FRESH WAX: The N.E.C., An Isle Ate Her

The N.E.C. - Pineapple

The N.E.C.
[Pretty Ambitious Records, 2011]


Purchase This Album:
Pretty Ambitious

Way back in January I posted a review for Mood Rings’ excellent debut EP, Sweater Weather Forever, one that — among other things — established the EP’s second track, “Indian Hills,” as the benchmark for local music singles in 2011. To be clear, I was speaking purely in pop terms; there are, in fact, many songs that I’ve enjoyed more this year, but none that have struck me quite the same in terms of being both immediately accessible and artistically engaging. That is, until now. Roughly ten months and hundreds of songs later, I can finally say that I’ve found a superior effort in the dizzying heights of the N.E.C.’s cosmic odyssey, “Creatures Flaming,” a stunning tune that smartly mixes propulsive psych-rock drifts and angular post-punk aggression without relinquishing any of the addictive catchiness that the band uses to reel the listener in.

And there in a nutshell is much of what makes Pineapple, the group’s latest record and their first for local upstart Pretty Ambitious Records, so successful. Much of the N.E.C.’s strength is derived from the fact that they’re not just unwieldy noisemakers experimenting with elaborate instrumental textures but a full-blooded, shape-shifting rock band as interested as carving memorable melodies as they are in sending the listener blasting off into space. And so it is that Pineapple becomes a two-pronged excursion with the one path — populated by tracks like “Hate City Serenade” and “Loralene” — leading you into the far outer reaches where shimmering shoegaze guitars and droning analog synths collide to create intergalactic plumes of nebulous sound. Down the other we find the trio tethering themselves to an earthbound aesthetic with murky, cavernous songs such as “All Night Drug Kids” and “100 Feelings” exploring the limits of more familiar (and decidedly more terrestrial) punk and garage rock structures.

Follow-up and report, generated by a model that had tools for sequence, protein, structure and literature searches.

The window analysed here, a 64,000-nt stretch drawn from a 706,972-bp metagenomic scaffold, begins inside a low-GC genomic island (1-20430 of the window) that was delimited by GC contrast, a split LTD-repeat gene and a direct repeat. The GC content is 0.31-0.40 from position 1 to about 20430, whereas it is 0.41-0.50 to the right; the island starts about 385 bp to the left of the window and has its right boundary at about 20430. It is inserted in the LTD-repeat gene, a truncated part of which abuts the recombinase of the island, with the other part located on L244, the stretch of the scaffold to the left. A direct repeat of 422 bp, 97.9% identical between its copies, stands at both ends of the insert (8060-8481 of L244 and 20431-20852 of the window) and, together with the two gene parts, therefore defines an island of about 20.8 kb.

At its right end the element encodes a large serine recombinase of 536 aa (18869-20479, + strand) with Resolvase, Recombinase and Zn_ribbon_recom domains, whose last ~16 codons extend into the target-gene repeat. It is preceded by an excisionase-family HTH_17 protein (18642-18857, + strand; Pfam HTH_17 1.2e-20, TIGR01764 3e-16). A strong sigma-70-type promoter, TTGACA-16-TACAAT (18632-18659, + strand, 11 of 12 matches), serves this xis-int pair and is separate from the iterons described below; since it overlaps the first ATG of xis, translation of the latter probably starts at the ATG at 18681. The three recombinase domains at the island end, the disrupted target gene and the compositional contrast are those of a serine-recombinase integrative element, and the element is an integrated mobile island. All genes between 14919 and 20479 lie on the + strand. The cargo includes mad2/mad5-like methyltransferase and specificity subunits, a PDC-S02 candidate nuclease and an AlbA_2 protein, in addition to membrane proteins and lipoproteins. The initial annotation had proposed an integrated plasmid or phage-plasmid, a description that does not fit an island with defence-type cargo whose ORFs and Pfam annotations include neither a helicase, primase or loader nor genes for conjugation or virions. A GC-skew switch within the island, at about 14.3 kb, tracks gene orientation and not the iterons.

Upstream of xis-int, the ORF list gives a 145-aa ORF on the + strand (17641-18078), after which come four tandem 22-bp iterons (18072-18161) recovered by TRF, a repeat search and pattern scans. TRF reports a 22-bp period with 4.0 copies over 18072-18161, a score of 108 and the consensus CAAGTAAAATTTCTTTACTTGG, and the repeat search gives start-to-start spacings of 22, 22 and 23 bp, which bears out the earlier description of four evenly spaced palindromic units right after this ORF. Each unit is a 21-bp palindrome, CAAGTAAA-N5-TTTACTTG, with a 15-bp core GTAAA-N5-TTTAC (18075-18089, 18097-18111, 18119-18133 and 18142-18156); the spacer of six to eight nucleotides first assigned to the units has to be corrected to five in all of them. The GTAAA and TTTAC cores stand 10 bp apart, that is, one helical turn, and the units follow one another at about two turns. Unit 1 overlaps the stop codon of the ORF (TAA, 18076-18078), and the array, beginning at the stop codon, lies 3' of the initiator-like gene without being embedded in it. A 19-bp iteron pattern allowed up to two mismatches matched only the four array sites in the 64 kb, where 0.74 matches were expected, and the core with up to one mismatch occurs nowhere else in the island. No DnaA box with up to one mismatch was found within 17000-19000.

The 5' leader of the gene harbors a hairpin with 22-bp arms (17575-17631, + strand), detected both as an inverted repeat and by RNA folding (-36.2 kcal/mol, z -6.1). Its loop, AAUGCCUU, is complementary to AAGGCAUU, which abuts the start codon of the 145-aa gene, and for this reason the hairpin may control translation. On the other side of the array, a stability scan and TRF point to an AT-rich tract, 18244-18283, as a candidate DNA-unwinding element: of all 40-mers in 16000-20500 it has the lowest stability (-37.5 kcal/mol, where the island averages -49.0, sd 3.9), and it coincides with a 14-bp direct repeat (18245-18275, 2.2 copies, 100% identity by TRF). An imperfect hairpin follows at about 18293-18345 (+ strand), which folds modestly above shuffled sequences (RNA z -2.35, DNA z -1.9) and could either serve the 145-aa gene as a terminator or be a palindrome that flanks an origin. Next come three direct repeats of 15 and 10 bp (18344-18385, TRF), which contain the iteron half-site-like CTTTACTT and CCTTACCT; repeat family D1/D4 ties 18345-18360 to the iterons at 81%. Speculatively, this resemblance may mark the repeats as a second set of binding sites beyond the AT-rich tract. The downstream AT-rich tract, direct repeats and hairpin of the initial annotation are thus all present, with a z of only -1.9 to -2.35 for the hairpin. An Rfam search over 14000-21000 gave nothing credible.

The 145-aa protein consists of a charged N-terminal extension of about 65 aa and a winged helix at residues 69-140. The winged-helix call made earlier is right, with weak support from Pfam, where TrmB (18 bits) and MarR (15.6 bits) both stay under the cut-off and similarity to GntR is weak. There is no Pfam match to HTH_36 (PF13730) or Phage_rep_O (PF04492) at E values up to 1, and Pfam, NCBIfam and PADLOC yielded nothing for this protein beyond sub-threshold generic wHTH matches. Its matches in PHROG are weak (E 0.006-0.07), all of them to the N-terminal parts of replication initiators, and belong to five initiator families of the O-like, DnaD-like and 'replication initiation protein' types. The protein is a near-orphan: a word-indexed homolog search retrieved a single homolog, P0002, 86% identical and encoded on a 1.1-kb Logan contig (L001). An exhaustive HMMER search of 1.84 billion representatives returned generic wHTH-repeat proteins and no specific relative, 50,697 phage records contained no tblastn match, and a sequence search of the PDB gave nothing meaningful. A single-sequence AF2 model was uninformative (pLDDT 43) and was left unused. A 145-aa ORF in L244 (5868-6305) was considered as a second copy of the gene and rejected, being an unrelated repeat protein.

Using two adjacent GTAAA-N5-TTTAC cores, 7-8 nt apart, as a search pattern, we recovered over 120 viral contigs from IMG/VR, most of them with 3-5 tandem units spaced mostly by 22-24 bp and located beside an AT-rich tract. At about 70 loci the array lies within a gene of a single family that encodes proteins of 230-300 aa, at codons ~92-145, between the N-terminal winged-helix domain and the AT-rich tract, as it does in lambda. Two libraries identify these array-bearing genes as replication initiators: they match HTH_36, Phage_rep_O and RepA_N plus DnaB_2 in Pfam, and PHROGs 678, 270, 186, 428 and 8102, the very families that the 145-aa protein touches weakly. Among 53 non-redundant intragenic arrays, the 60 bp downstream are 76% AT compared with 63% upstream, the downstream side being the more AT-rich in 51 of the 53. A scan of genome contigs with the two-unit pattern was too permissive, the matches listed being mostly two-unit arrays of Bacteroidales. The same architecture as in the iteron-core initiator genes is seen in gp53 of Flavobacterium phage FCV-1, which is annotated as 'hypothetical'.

The N.E.C. may opt for the psychedelic rush of spacey art rock, but this is by no means a band trying to mask their deficiencies in processed noise and reverb. At its core, Pineapple is still guitar-driven; it’s still loud, strident, occasionally fist-pumping stuff. What’s more is that it’s all delivered so seamlessly with a clarity of vision that is startling. 2011 may be in its home stretch, but if this year has proved anything it’s that there is no shortage of local acts crafting dynamic, forward-thinking music. It’s time to add the N.E.C. to that list. I can’t recommend this one enough.

More Info:

An Isle Ate Her - Phrenia
An Isle Ate Her
[Self-released, 2011]


Download This Album:
Bandcamp l Amazon MP3 l iTunes

I’ve probably said it a million times myself, but I’m going to go ahead and say that one of the most disingenuous statements that people make about artists goes something like: “I don’t like their music, but I respect what I do.” What the fuck is that? How exactly do you respect something that purportedly sounds bad to you? I mean, I understand why we say it — everybody wants to be on the side of talent — but on its face it’s really nothing but a cop out. And everyone knows it.

I bring this up now because I’d be willing to bet that bands like An Isle Ate Her get that sort of weak-minded rationale all the time. The reality is most people can’t stomach the frenzied chaos of their extreme grindcore, but the band’s technical proficiency is so ridiculously on another level that no one wants to deny the virtues of their blistering assault. It’s far more comfortable to push it to the side and claim respect even as many of those same listeners refuse to engage with the music on any meaningful level. And that’s partially the beauty of An Isle Ate Her — there’s no sitting on the sidelines. The music is so frantic and brutal, and it unfurls at such whirlwind velocity, that you’re forced to react — you either embrace or reject it.

Undoubtedly, most people will choose the latter, and that’s a shame. Spend some time with Phrenia’s dozen songs and you’ll discover that behind every maniacal guitar run, each staggering drum blast and vicious vocal laceration, there’s a tunefulness that’s rare in music this violent and frantic. For all their menacing intensity, the band understands the necessity for solid dynamic structures that keep the listeners guessing. So while songs such as “Das Ekel,” “Landsraad,” and “Appetency” strike with all the speed and ferocity of a charging bull, tracks like “Slueslings” and “Dun Dorr” take a more unpredictable approach, incorporating elements of jazz, prog and hardcore into their otherwise sinister salvos. Either way, the results are exceptional.

More Info: